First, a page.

The Royal Aircraft Factory S.E.5 was a British biplane fighter aircraft of the First World War. Although the first examples reached the Western Front before the Sopwith Camel and it had a much better overall performance, problems with its Hispano-Suiza engine, particularly the geared-output H-S 8B-powered versions, meant that there was a chronic shortage of S.E.5s until well into 1918 and fewer squadrons were equipped with the type than with the Sopwith fighter. Together with the Camel, the S.E.5 was instrumental in regaining allied air superiority in mid-1917 and maintaining this for the rest of the war, ensuring there was no repetition of "Bloody April" 1917 when losses in the Royal Flying Corps were much heavier than in the Luftstreitkräfte.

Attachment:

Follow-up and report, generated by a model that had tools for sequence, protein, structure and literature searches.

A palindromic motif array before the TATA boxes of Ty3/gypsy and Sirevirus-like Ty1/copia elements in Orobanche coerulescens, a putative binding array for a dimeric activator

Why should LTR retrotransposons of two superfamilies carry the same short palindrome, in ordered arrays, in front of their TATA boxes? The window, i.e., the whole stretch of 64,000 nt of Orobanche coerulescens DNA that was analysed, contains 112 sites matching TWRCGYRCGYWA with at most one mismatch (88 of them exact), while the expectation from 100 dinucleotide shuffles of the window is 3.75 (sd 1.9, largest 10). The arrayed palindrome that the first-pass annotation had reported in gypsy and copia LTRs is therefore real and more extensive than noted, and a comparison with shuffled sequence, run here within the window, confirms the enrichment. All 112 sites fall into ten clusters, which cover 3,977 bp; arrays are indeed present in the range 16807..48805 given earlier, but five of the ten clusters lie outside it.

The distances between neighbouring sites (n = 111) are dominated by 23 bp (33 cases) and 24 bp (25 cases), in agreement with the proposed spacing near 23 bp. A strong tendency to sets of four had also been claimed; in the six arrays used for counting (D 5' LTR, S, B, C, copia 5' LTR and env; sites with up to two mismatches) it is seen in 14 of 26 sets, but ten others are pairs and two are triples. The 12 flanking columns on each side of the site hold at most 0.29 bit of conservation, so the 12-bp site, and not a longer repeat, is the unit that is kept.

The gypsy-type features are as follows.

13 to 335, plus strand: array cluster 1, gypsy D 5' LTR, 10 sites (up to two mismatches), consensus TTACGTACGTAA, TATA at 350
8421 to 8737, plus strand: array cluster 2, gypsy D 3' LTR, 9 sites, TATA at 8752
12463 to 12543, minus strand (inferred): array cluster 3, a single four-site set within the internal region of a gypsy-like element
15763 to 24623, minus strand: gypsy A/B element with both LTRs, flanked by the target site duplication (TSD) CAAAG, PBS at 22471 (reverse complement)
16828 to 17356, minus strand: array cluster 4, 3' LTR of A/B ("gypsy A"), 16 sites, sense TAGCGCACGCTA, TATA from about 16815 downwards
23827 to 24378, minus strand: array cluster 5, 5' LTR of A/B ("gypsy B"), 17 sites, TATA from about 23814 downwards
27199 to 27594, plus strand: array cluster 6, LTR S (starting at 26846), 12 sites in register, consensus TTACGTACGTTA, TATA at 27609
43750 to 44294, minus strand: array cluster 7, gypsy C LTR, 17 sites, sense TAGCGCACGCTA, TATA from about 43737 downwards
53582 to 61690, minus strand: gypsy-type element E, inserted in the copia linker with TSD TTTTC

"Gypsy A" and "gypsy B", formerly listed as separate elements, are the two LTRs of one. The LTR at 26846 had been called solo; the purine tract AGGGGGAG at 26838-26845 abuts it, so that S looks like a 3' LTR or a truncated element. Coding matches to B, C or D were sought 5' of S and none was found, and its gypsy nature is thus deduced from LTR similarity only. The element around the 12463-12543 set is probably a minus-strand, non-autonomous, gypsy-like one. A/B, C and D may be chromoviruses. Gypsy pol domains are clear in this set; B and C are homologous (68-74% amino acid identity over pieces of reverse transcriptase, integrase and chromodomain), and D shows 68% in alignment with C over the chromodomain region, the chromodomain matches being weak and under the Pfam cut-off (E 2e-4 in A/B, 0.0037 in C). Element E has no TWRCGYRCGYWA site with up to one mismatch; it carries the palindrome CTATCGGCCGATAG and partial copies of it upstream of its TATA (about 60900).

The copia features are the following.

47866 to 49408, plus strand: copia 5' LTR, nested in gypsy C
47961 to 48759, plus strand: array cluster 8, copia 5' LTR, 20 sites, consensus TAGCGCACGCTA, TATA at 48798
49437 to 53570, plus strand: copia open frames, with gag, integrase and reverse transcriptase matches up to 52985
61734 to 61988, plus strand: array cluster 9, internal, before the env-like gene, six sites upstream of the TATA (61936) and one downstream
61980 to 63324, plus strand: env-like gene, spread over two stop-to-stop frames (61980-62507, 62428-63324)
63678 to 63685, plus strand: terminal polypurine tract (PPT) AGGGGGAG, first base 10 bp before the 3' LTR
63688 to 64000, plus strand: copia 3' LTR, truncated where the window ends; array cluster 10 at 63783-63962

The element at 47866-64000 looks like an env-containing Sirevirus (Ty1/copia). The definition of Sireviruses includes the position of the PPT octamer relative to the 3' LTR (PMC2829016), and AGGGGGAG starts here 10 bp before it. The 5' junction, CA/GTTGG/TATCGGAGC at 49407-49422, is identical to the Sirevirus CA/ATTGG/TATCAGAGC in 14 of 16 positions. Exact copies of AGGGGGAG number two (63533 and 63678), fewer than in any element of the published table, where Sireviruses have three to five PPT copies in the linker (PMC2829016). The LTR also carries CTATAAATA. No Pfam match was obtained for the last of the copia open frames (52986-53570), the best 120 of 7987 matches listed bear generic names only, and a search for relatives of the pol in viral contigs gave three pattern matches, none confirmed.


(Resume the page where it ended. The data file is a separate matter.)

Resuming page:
Only 77 original S.E.5 aircraft were built before production settled on the improved S.E.5a. The S.E.5a differed from late production examples of the S.E.5 only in the type of engine installed - a geared 200 hp Hispano-Suiza 8b, often turning a large clockwise-rotation four-bladed propeller, replacing the 150 hp model. In total 5,265 S.E.5s were built by six manufacturers. A few were converted as two-seat trainers and there were plans for Curtiss to build 1,000 S.E.5s in the United States but only one was completed before the end of the war. At first, airframe construction outstripped the very limited supply of French-built Hispano-Suiza engines and squadrons earmarked to receive the new fighter had to soldier on with Airco DH 5s and Nieuport 24s until early 1918. The troublesome geared "-8b" model of the "Hisso" V8 was prone to have serious gear reduction system problems, sometimes with the propeller (and even the entire gearbox on a very few occasions) separating from the engine and airframe in flight.